How to Pay your Taxes with a Credit Card

With tax season around the corner, many households will be wondering how to pay for the amount they owe Uncle Sam. The good news is that you won’t have to fork over your tax bill in cash, since many tax filing services allow you to pay by credit or debit card instead. However, there is an additional fee associated with using these services. In addition, paying with plastic only slightly delays the need to pay up in full, and so the main benefit is one of convenience.

If you’re thinking of using a debit card linked to a bank account, keep in mind that if you file your taxes online, you can simply provide account information, usually at no extra cost. Turbo Tax is the best place to start if you are looking for a free way to file your federal taxes over the Internet. Extra charges apply for state returns, and their basic service is only appropriate if your financial situation is fairly standard.

However, if you would rather charge your taxes to your credit card, giving you a few more weeks before paying the bill, it’s important to realize that the fee will depend on the amount you owe. If you owe a very large amount, the fee is going to be substantial. The IRS has created a list of service providers that allow electronic payment via credit card, which includes the current fee structure. You can look on the website of your preferred tax service to get more information, but most fees are between two and four percent of what you owe.

If you are forced to pay by credit card, one small side benefit might be accumulating credit card points, cash back, or airline miles, if your credit card is associated with such rewards. So, if you have to pay a hefty sum in taxes, at least you might get a free flight out of it! Furthermore, both business & individual taxpayers can count the extra fee as a deductible expense. If you are paying a fee as part of an individual tax payment, “taxpayers may deduct the fee as a miscellaneous itemized deduction subject to the 2% limit on Form 1040, Schedule A”1.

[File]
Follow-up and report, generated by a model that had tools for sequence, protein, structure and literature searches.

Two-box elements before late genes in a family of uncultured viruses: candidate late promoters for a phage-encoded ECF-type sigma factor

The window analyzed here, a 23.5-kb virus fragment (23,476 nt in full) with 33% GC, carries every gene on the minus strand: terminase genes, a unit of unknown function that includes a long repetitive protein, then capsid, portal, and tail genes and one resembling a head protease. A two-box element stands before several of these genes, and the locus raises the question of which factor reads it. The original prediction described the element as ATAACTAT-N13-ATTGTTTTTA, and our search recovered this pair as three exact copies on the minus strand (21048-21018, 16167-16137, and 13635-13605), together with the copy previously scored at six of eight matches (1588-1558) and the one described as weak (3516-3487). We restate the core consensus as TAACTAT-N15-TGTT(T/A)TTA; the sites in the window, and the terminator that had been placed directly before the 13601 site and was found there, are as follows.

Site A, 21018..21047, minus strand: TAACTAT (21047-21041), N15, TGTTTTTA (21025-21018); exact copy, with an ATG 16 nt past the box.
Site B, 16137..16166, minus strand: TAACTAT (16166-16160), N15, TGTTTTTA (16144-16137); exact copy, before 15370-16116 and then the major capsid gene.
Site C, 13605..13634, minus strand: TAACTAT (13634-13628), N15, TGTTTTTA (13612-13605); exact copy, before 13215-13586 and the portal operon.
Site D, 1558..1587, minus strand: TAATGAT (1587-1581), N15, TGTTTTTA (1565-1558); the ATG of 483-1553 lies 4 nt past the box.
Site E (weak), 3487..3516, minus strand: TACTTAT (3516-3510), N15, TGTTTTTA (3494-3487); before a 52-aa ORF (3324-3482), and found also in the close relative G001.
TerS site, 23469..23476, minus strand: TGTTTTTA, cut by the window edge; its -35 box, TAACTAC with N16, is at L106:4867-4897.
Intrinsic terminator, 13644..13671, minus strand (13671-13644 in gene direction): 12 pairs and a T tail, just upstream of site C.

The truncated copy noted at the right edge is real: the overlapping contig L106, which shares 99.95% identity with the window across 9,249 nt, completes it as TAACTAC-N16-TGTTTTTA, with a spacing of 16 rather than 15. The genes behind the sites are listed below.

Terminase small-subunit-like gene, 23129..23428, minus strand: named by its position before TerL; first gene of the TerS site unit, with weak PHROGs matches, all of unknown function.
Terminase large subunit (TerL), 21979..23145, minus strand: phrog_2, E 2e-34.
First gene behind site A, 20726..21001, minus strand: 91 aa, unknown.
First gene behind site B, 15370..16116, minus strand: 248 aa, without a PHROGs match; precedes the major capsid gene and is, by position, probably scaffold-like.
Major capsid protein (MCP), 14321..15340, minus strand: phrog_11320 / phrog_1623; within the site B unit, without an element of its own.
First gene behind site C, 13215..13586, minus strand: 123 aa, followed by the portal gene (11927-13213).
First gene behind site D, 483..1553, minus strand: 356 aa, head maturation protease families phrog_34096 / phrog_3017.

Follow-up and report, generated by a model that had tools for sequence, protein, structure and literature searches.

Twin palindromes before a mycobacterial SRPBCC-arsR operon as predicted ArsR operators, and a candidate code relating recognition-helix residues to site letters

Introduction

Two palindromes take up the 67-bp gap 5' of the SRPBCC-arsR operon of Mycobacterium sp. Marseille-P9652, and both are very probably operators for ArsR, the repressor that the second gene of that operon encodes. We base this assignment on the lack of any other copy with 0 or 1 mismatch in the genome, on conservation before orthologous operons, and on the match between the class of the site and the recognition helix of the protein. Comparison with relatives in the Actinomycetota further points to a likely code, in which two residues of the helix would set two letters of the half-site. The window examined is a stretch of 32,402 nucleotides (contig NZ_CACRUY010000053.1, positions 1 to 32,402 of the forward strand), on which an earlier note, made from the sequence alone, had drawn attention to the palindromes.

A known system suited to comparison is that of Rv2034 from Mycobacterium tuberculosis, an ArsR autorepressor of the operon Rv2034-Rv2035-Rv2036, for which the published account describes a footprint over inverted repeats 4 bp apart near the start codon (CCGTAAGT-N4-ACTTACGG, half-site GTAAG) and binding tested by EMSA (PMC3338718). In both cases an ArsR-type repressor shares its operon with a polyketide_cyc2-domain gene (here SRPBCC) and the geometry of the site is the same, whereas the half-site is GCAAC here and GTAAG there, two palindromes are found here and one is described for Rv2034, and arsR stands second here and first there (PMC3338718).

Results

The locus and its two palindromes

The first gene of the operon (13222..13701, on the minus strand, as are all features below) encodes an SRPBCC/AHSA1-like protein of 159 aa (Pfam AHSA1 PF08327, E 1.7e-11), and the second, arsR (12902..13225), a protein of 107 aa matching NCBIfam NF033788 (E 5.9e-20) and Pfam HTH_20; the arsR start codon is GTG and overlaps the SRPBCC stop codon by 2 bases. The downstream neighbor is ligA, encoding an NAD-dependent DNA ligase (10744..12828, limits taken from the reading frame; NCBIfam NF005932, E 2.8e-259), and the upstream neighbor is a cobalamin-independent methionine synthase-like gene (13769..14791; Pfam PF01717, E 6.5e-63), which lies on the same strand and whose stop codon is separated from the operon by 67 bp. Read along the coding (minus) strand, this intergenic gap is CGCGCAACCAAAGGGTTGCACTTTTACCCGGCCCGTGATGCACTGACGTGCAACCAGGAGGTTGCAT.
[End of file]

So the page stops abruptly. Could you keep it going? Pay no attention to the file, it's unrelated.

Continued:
Source:
1 http://www.irs.gov/efile/article/0,,id=101316,00.html

Laura Gutmann

Laura Gutmann

Laura Gutmann is currently a PhD student in Education at the University of North Carolina-Chapel Hill. As part of her studies, she hopes to focus on creating better resources and training materials for teachers.

Previously, she worked as the Vice President of Programs for Junior Achievement of New York. She was responsible for reaching 95,000 K-12 students per year with financial literacy, workforce readiness, and entrepreneurship programming. Her team organized events for schools across the five boroughs of New York City, facilitating positive relationships between classrooms and the community. Ms. Gutmann has extensive experience building curriculum focused on life skills, and has partnered with dozens of corporations to train their employees to become volunteer role models.

Ms. Gutmann also created resources for both students and educators during her time as a kindergarten teacher in the South Bronx. She first entered the classroom through the Teach for America corps, and went on to receive her M.S. Ed. in Early Childhood from Bank Street College. She has developed web resources, professional development sessions, and parent workshops, and served as a graduate-level writing tutor and resume coach.

Before becoming a teacher, Ms. Gutmann studied Public Policy at Duke University, where she received her B.A. in 2002. She worked in Durham Public Schools as a reading tutor and photography teacher. She also spent time doing research for the American Federation of Teachers, and served as a consultant for the Wake Education Partnership.

Ms. Gutmann currently resides in Chapel Hill with her husband and her dog, a poodle named Noodle.
Laura Gutmann

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